Friday, 28 May 2010

Kidnapped by the Japanese, bullet trains and Geisha

The Bullet trains are cool (caught 3 in total). I think maybe I expected to be zoomed across land at the speed of light with my cheek bones pulled backwards and all. In reality it’s mostly a smooth but very fast ride. The trains get up to a speed of over 300km per hr. What I like most is the efficiency of not only the bullet trains but all the trains we caught while here. They pulled off exactly on time and arrived exactly on time – not a minute earlier. The conductors bow on entering and exiting the carriages, which I also thing is really lovely (they all seem so sweet and gentle, it’s hard to imagine what 1 of them might do if someone didn’t have a ticket). And like all other public transport here, they are immaculately clean. As are the streets. We were playing a game of ‘spot the litter’ and the only thing I saw was I small piece of paper blowing along the pavement one evening in Gion... must have been a tourist.
Kidnapped A curious Japanese lady struck up a conversation with us while on the way to Osaka for a day trip. After the initial pleasantries, my conversational skills where reduced to pointing at phrases in my handy little Lonely Planet Asian phrase book. A group of her friends seated nearby decided to get in on the conversation and though I am sure there was a lot lost in translation, I really enjoyed this 30 minute chat. I even got a free tutorial in counting in Japanese! I pointed to Osaka Castle on the map as my first destination as I had already worked out a route for getting there. However, when our train pulled into Osaka station, the ladies ushered us off the train. The 5 of them then formed a kind of circle around us and ushered us along the platform and up some steps, away from where we were going. With some degree of confusion, we hesitantly followed them onto another train where they began vigorously pointing at the map. It turned out they weren’t trying to kidnap us after all, they were merely showing us a quicker way to get to the Castle. One of them was shy and didn’t want to have her picture taken with me but some of the others obliged.
Geisha The bus net work in Kyoto is far more extensive than the subway so we did a days' exploration by bus, followed by a guided tour of the Geisha district (or should I say Geiko as they are known in Kyoto). The history of this profession was enlightening and the description of what life as a Makio (trainee Geiko for 5 years) entails left most of us wondering why so many still applied. Catching sight of them on their way to their appointments was amazing. They moved quickly, graciously and looked just as awesome in person as they do in the photos I had seen. So inspired by the whole experience was I that I decided I too would like to look like a Geiko. As we were on a tight schedule and no time to fit in a professional make over, I decided to try my hand a little ‘do it yourself’ make over. The result .... more ghastly than Gekio.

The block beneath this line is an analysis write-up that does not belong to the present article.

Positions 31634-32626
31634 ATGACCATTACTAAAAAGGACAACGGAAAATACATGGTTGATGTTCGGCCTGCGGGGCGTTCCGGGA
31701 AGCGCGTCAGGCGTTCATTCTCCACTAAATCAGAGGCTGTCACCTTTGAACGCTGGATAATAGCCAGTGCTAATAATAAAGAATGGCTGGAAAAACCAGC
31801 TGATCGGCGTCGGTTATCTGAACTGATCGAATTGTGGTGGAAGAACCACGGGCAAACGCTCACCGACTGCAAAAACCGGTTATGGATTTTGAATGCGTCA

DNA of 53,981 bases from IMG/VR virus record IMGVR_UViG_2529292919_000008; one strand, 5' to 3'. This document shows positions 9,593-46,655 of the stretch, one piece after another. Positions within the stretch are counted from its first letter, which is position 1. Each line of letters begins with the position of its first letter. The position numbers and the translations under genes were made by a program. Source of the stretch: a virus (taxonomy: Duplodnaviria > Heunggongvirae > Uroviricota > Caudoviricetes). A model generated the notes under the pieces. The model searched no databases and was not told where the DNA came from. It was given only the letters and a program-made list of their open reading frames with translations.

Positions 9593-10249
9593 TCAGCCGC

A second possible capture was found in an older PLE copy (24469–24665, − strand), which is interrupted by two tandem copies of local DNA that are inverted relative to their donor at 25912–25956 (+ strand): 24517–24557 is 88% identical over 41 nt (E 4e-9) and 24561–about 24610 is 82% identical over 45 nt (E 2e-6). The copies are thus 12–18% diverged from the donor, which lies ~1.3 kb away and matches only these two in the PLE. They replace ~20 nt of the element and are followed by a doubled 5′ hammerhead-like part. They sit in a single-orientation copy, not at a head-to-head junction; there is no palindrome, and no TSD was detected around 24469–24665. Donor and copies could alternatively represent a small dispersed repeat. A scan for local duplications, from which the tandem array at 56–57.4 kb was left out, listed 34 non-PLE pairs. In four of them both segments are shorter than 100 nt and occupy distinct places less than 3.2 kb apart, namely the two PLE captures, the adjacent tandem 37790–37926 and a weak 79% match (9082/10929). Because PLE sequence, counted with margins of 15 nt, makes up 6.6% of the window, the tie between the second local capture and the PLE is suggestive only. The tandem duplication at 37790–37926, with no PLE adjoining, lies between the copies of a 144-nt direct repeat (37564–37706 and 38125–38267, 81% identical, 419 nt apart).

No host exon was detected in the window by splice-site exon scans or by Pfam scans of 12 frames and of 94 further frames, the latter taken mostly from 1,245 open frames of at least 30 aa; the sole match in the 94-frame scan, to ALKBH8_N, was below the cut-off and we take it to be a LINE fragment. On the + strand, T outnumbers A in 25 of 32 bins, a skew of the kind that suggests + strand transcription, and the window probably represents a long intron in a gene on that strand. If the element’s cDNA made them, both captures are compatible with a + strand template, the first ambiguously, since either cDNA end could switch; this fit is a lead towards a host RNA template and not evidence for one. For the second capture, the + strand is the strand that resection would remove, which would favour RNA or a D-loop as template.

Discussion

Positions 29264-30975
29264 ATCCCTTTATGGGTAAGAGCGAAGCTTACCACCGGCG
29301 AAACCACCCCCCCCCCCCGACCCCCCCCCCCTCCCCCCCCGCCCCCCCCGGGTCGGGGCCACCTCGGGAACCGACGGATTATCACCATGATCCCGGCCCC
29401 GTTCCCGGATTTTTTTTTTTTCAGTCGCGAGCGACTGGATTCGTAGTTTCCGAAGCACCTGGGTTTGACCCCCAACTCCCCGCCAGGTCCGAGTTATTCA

We did a guided walk of the Nara National Park – gorgeous area. Wild deer roam freely in and almost tourist, bowing politely for something to eat. I saw one who had even helped itself to someone’s map and was chewing contentedly on it! Our personal tour guide was extremely informative on the history, traditional and numerous religious festivals and observations of the Japanese. She was also able to clear up a few of my other queries. All the children we saw constantly walking around during the day weren’t playing truant. Schools were doing graduation trips; one bunch of kids actually descended upon us. We took photos together ad then we assisted them with a school project by answering some questions for them - the whole aim being for them to practise their English. One of them called Yogi was particularly amusing. We must have seen him another 3 times that day and on each occasion he would high 5 us and say ‘hi, long time no see’ in what I assume was an imitation of the American accent. The other mystery clarified was that of the many face masks around. People weren’t infect trying to avoid some deadly disease, rather, protecting themselves form pollen. Many hay fever suffers in Japan wear the nose and mouth coverings too successfully combat hay fever.

Cocktails & squid
You know sometimes on holiday you find a little restaurant or eatery that has maybe 1dish you love so much you frequent the place time and time again? Well for my time in Kyoto it was a little place around the corner from our hotel. The tempura squid and Shirley Temple cocktails were soooo amazing that even after dinner at another restaurant, I’d have to make a quick stop here for my favourite duo.

1 comment:

  1. when you go back you definately need to have that profesional makeover. 'gastly'is right! lol